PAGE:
I mentioned my favorite spring tea, but I really have many favorites and find tea to be very relaxing on a stressful day. I love lavender tea and I enjoy mixing elderberries with chamomile tea. Allowing a cinnamon stick or two to simmer in a kettle on the stove for an hour or so will add a wonderful aroma throughout your home and provide you with a very tasty tea. When we are out hiking, pine needle tea is enjoyed regularly just because we can. I enjoy blending spearmint and chamomile after dinner to relax my stomach and myself from our busy days.
For my daily immune booster I combine a piece of astragalus, a cinnamon stick and 1 tsp of licorice in a kettle and bring to a slow boil. I remove it from the stove and place on the wood stove this time of year to just simmer for an hour or two and then everyone is required to have a cup of tea. Especially this year – the germs have been hanging around a bit longer with the unusual weather we have been experiencing.
When I can’t quite relax from a long day I will mix valerian and hops together to provide me with a really good night’s sleep. Another favorite in the winter is blending your pumpkin pie spices with some dried fruits such apples and cinnamon for a nice seasonal blend. Some dried fruit such as apricots and apples along with nettle works nicely too.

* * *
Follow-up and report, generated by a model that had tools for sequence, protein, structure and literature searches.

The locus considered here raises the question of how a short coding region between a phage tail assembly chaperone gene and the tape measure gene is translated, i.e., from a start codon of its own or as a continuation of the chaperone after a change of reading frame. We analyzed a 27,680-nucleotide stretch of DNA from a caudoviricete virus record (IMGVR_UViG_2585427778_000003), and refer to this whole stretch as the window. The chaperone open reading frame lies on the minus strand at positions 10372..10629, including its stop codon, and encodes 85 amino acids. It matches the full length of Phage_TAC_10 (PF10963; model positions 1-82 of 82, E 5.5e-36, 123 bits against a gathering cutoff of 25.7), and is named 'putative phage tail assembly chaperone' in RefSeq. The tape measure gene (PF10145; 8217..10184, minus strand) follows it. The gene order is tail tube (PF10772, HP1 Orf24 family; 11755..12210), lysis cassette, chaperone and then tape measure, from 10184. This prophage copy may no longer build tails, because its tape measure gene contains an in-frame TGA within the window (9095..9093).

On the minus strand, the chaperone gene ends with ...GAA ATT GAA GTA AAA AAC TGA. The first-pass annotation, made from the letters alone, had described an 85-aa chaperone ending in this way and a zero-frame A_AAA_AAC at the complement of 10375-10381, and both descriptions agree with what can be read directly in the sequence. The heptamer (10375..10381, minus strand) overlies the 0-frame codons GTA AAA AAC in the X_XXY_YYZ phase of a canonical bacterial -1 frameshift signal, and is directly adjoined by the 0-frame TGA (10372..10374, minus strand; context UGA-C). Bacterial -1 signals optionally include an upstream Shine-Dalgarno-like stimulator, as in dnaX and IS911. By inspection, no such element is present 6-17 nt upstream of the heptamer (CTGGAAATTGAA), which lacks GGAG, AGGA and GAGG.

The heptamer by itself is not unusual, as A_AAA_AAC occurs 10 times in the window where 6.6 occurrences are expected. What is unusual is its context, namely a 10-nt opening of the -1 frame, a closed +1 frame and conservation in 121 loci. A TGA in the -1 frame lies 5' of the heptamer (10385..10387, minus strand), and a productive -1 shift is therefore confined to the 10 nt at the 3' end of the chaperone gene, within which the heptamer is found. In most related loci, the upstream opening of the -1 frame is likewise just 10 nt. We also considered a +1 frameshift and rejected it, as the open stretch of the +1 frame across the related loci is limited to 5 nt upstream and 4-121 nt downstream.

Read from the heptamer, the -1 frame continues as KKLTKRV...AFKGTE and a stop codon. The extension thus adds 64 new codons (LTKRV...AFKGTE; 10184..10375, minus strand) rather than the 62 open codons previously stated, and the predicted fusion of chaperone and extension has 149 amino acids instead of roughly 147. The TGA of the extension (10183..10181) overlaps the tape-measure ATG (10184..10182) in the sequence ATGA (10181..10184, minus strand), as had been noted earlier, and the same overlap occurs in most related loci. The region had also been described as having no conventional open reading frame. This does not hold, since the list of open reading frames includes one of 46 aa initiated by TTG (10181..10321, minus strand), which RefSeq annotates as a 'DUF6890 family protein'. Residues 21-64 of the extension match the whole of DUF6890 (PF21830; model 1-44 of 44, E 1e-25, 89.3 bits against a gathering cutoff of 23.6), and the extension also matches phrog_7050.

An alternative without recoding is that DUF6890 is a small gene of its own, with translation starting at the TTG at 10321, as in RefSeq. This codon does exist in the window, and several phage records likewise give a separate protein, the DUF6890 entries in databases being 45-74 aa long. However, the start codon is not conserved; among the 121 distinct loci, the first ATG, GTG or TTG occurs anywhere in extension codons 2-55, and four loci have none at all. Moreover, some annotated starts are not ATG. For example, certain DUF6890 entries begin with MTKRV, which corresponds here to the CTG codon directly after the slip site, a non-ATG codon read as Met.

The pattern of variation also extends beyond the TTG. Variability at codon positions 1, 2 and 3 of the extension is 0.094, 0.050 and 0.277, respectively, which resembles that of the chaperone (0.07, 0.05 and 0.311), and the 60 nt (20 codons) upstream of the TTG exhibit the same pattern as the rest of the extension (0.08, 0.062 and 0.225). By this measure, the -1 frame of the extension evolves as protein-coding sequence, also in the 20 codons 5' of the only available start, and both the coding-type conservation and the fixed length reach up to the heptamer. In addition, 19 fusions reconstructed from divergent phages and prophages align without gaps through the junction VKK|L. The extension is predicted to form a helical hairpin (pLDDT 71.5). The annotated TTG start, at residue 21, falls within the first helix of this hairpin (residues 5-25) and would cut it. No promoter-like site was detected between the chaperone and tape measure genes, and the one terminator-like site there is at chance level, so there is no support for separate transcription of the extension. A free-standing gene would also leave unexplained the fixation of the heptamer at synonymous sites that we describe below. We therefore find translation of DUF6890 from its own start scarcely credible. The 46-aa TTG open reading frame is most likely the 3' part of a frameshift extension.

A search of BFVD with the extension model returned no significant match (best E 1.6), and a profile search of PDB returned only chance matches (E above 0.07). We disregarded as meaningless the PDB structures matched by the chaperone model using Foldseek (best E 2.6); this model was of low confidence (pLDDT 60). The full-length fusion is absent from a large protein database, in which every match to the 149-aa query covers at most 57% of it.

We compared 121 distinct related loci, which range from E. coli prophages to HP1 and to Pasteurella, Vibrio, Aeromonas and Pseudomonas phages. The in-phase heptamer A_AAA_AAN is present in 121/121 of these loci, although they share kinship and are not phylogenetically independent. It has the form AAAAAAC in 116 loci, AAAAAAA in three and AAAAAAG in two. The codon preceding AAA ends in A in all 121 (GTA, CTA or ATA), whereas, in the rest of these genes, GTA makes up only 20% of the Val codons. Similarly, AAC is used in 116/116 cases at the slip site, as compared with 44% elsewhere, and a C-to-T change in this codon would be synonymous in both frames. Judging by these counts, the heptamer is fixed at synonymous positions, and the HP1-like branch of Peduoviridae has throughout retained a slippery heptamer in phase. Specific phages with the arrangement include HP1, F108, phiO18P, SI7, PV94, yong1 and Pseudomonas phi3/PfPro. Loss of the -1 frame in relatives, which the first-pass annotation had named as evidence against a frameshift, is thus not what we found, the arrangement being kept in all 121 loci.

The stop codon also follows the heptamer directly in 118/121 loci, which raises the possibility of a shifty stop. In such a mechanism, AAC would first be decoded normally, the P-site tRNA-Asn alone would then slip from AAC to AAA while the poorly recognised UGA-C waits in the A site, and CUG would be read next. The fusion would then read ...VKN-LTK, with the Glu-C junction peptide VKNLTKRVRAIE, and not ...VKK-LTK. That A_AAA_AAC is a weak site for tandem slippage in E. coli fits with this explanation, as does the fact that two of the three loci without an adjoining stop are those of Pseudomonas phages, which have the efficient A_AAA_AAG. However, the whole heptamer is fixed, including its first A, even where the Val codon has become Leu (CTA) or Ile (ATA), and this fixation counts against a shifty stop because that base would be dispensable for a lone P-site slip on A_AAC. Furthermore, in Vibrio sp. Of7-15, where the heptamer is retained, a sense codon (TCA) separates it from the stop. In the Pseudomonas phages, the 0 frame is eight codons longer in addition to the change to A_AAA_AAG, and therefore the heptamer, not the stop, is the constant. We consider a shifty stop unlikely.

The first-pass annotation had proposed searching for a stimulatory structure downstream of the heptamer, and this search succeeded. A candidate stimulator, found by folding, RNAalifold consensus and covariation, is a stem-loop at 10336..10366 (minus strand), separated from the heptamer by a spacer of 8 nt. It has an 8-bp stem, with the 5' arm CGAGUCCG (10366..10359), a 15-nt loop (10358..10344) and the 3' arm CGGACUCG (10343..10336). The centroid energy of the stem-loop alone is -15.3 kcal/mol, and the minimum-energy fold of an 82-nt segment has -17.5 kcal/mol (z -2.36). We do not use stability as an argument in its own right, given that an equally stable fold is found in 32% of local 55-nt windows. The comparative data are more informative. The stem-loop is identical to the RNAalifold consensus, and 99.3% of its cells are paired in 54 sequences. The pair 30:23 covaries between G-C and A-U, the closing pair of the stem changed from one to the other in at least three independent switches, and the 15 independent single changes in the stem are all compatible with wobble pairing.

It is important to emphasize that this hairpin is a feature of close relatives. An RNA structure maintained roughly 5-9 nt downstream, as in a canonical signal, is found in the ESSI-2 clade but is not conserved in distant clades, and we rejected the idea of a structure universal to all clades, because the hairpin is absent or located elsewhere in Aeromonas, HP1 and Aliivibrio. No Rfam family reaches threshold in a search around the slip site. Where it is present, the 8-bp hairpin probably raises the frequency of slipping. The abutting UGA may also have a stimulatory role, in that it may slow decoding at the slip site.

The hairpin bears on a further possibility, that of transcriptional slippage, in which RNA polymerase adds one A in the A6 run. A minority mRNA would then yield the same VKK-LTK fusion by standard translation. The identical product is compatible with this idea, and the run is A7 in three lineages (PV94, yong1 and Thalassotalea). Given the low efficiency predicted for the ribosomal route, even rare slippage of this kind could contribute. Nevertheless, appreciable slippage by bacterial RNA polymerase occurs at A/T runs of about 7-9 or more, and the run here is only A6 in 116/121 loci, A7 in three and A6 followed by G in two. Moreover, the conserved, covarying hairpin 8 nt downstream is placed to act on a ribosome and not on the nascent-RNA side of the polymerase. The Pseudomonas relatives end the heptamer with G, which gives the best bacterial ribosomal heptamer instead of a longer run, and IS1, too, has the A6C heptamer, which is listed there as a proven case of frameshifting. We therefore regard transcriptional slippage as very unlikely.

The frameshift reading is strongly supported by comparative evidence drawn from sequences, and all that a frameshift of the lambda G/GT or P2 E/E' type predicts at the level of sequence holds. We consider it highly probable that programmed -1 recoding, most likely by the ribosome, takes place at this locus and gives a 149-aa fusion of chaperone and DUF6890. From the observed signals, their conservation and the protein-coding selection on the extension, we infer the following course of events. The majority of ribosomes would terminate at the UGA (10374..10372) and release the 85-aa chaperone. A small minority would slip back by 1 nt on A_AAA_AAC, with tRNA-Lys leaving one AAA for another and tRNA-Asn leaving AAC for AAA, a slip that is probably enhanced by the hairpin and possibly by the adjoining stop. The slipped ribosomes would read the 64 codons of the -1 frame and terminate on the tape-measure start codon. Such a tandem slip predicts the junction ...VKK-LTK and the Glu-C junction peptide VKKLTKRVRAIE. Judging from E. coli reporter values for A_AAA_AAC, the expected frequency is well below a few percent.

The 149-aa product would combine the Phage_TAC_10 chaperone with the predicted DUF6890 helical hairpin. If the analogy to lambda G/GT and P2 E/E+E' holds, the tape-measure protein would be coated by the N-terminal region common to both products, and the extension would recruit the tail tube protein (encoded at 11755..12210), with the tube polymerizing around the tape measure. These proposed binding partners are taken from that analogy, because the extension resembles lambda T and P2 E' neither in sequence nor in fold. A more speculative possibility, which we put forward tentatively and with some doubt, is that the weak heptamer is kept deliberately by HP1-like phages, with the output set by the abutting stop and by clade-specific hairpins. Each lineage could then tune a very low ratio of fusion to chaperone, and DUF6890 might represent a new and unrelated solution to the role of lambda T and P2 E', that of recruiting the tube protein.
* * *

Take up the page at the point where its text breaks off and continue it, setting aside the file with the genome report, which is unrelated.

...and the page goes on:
There is so much to learn, but as with anything if you start off slowly and small, it will not be as overwhelming for you. Add a new plant here and there and learn how it can aid you, what parts of the plant are usable and again be sure to do your research. Start a notebook and page for each herb and keep track of your findings. Visit my website regularly for my herb journals. Now stop and take time to smell the roses and enjoy a cup of tea.
Just a reminder that I am not a medical professional, nutritionist, herbalist or food scientist or an expert in anything other than living the “Simple Life” the way we chose to live it. All opinions and advice offered in this article are merely that of a mother and woman sharing my knowledge drawn from my own experiences and research. Please consult your own naturopath or general practitioner as good standard practice, use your own common sense and judgment as well as do your own due diligence.